Tracking the Human Footprint
Growing up in Egypt, Mohamed El-Ashry cultivated a passion for geology following dramatic discoveries of oil in the Gulf of Suez and along the Red Sea. But it wasn't until he came to the University of Illinois in the early 1960s that El-Ashry discovered that his interest in geology goes far beyond what happens below the surface.
What happens on top of the land became even more fascinating to him.
This revelation led to El-Ashry's enduring interest in the impact of human activities on land and water. It also began his steady rise as one of the world's leaders on global environmental issues.
"Dr. El-Ashry's accomplishments are legendary," says James Gustave Speth, dean of the Yale School of Forestry and Environmental Studies. "He led the research program at what many believe to be the world's best policy research center on global-scale environment and development concerns--the World Resources Institute."
With such endorsements, El-Ashry has been named one of the 2005 Alumni Achievement Award winners for the College of Liberal Arts and Sciences.
El-Ashry received his master's degree in 1963 and his PhD in geology in 1966 from the U. of I. During this time, he used aerial photos to study the impact of human activity on the Gulf and Atlantic coastlines—one of the earliest efforts in remote sensing.
After teaching for three years at Cairo University in Egypt, El-Ashry returned to the United States, where he built an environmental sciences department at Wilkes University in Pennsylvania. Then he charged headlong into environmental politics with the Environmental Defense Fund.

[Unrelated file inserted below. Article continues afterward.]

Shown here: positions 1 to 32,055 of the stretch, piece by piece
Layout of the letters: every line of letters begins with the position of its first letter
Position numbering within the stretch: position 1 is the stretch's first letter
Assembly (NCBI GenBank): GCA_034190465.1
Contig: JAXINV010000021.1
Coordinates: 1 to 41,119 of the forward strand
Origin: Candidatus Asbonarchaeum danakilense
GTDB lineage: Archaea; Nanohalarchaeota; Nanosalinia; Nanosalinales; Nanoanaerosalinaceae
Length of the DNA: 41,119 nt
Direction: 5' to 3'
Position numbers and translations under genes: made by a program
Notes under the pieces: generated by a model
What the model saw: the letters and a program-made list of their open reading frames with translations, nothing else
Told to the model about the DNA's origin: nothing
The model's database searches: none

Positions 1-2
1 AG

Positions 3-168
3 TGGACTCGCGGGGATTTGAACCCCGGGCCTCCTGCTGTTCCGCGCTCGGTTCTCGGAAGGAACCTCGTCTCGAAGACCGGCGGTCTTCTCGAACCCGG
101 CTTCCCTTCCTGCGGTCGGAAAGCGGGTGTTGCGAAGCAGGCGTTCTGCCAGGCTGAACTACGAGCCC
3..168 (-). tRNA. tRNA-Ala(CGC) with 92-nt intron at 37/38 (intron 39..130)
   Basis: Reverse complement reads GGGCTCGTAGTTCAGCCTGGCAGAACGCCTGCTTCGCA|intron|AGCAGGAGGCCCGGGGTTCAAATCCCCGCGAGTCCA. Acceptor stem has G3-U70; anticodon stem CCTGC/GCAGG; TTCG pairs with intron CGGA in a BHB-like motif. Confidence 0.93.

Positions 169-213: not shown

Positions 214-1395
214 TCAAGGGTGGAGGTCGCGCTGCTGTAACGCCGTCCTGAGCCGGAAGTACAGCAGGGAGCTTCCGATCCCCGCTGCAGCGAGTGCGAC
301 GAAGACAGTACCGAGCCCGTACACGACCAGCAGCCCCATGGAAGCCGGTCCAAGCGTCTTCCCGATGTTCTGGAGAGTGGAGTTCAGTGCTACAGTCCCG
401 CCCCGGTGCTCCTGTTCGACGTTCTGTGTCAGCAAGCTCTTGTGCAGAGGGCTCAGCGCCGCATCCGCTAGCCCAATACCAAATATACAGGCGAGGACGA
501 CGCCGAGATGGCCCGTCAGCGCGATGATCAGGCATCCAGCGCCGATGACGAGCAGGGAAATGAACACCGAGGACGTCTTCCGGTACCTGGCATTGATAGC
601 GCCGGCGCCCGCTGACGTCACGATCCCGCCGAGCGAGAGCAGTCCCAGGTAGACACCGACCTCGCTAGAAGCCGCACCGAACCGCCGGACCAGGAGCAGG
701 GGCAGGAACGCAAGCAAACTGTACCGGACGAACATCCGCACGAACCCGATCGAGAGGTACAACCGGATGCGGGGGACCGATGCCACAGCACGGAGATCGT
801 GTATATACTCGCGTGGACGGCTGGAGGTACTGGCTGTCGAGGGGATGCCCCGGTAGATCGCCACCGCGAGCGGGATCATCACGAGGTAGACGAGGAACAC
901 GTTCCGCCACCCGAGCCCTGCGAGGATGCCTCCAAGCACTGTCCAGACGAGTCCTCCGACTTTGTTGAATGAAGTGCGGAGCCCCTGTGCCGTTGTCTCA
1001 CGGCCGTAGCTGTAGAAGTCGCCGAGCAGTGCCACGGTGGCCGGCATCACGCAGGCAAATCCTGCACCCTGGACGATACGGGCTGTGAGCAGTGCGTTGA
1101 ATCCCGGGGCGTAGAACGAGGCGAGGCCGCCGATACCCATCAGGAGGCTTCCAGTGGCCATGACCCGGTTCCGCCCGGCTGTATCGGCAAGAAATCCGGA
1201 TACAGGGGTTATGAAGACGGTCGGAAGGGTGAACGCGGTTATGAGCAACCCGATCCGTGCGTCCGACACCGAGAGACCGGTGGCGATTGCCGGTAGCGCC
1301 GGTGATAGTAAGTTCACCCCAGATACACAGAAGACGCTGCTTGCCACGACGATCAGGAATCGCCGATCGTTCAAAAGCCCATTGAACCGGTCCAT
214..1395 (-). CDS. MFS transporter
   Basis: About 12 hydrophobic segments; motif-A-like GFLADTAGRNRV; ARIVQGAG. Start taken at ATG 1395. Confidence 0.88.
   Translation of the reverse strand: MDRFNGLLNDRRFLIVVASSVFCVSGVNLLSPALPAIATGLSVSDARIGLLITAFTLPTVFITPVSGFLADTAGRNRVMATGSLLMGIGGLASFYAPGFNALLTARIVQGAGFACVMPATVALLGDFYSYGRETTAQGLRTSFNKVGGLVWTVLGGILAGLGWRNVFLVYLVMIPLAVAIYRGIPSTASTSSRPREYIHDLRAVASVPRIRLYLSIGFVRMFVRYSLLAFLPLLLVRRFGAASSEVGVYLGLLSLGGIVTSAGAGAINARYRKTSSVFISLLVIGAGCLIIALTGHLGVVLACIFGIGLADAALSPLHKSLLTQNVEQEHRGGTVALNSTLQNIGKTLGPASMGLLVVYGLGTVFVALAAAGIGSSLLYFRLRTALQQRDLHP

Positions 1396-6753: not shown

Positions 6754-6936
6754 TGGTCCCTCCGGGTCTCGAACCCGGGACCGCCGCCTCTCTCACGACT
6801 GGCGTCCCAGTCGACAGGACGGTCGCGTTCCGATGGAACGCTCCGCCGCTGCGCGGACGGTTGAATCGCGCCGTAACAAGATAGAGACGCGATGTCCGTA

"I learned how to influence decision-making with good science," El-Ashry says. "We didn't work on gut feelings, but with good scientific analysis."
This laid the groundwork for his next task. He was recruited as director of environmental quality for the Tennessee Valley Authority (TVA)—a utility that was, at the time, "the worst polluter in the United States," he says.
With El-Ashry's guidance, the TVA set the ambitious goal of reducing by 50 percent sulfur dioxide emissions that contribute to acid rain. This program also helped shape emissions-control legislation that was eventually advanced by President Bush and adopted by Congress in 1990.
In 1983, meanwhile, El-Ashry moved on to help build the World Resources Institute, a think tank that started with six people and a $500,000 budget. By the time El-Ashry left eight years later, the World Resources Institute had grown to a staff of 110 with a budget of $15 million.
Next, El-Ashry served as chief environmental adviser to the President and became director of environment for the World Bank, where he made what he considers his greatest mark. He helped establish the Global Environment Facility (GEF), which Speth describes as "one of the most important multilateral institutions on the world stage today."
In 1994, El-Ashry became the first CEO and chairman of GEF, which funds projects on biodiversity, international waters and renewable energy in developing countries. For example, GEF's many projects include a massive conservation set-aside that protects about 12 percent of the Amazon in Brazil and more than $40 million in grants to cover the extra cost of building a geothermal plant instead of a coal power plant in the Philippines.
"For example, through GEF, we devise ways to bring people together to agree on a plan to manage their shared water resources. And we help to fund it," El-Ashry says.
Without this firm financing, international environmental agreements "just collect dust on the shelf," he adds. "But GEF breathes life into them."
By Doug Peterson